The ultimate answer to whether Weetabix is ​​indeed a biscuit

To celebrate amazing coffee mornings, Macmillan Cancer Support recently released a ranking of the nation's most popular biscuits. While there are many British favorite biscuits, including shortbread, bourbon biscuits, digestive biscuits and strong tea biscuits, one particular ingredient has sparked a heated debate on social media - Weetabix.

Yes, you read that right. They're talking about breakfast foods in the cereal aisle—definitely not breakfast foods in the cookie aisle. Temporarily forgetting that Macmillan also classifies madeleines as biscuits (when they are clearly sponge cakes), most Twitter users were surprised that Macmillan included Weetabix in this category.

One user wrote: "@metpoliceuk I need to report a crime." Macmillan replied that it could not be charged for a biscuit crime it did not commit. Even Cambridge Dictionaries rebuked the charity, tweeting its definition of a biscuit, describing it as "a small, flat cake that is dry and usually sweet". However, whoever runs Macmillan's Twitter account is back on top, saying Weetabix meets the criteria: they are soakable, brown, dry and are actually called "wheat" biscuit".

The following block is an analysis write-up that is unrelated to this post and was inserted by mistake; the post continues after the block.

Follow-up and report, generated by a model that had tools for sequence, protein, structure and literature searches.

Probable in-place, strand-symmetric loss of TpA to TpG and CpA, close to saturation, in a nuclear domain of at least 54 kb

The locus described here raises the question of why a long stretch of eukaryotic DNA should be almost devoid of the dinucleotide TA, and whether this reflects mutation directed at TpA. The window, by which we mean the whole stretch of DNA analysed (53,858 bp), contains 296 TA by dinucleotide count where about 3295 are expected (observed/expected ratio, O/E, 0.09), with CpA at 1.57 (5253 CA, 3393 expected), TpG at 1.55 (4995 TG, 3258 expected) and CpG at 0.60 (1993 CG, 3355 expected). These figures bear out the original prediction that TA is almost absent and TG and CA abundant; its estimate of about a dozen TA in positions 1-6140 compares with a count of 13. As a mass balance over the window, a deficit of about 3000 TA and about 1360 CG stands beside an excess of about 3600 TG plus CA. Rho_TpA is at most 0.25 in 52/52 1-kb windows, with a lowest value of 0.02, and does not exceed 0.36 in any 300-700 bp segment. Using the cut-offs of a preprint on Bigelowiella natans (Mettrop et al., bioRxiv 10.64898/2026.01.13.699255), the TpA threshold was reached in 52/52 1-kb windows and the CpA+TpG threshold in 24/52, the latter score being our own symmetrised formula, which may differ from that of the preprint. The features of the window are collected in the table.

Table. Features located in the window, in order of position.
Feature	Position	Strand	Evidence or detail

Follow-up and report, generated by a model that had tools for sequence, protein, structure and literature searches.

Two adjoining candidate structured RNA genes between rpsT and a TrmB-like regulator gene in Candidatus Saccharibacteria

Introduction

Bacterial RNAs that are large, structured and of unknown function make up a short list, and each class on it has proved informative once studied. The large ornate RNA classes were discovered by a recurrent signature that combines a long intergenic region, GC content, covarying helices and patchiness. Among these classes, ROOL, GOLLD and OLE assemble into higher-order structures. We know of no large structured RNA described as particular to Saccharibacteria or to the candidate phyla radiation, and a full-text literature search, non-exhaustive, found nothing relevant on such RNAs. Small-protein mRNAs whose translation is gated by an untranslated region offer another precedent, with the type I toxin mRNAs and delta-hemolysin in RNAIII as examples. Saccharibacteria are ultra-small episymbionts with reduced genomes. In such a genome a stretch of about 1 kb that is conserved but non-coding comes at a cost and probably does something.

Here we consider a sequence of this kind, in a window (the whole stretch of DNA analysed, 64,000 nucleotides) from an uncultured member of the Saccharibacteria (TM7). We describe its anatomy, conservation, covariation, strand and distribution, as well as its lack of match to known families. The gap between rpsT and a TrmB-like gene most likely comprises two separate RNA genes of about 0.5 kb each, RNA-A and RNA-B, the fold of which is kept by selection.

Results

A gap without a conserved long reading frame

Technically, they're not wrong. If you look at Weetabix's original nutritional information, it usually details "Serving size of 2 cookies." But then again, Weetabix does appear under the "Our Cereals" label on the brand's official website, and has been called cereals throughout its history. The only time Weetabix mentions cookies on its website was in 2015, in connection with its protein line.

So, what exactly are cookies? According to Renshaw Baking, the word itself comes from Latin and means "twice baked." Science Direct also notes that the main ingredient in biscuits is wheat flour. Apparently, Weetabix is ​​made from wheat, but does not contain wheat flour in its ingredients. For example, compare it with a classic digestive containing wheat flour and you will notice the main difference.

Can you really imagine the Macmillan team turning on the kettle and soaking Weetabix in tea? Case closed.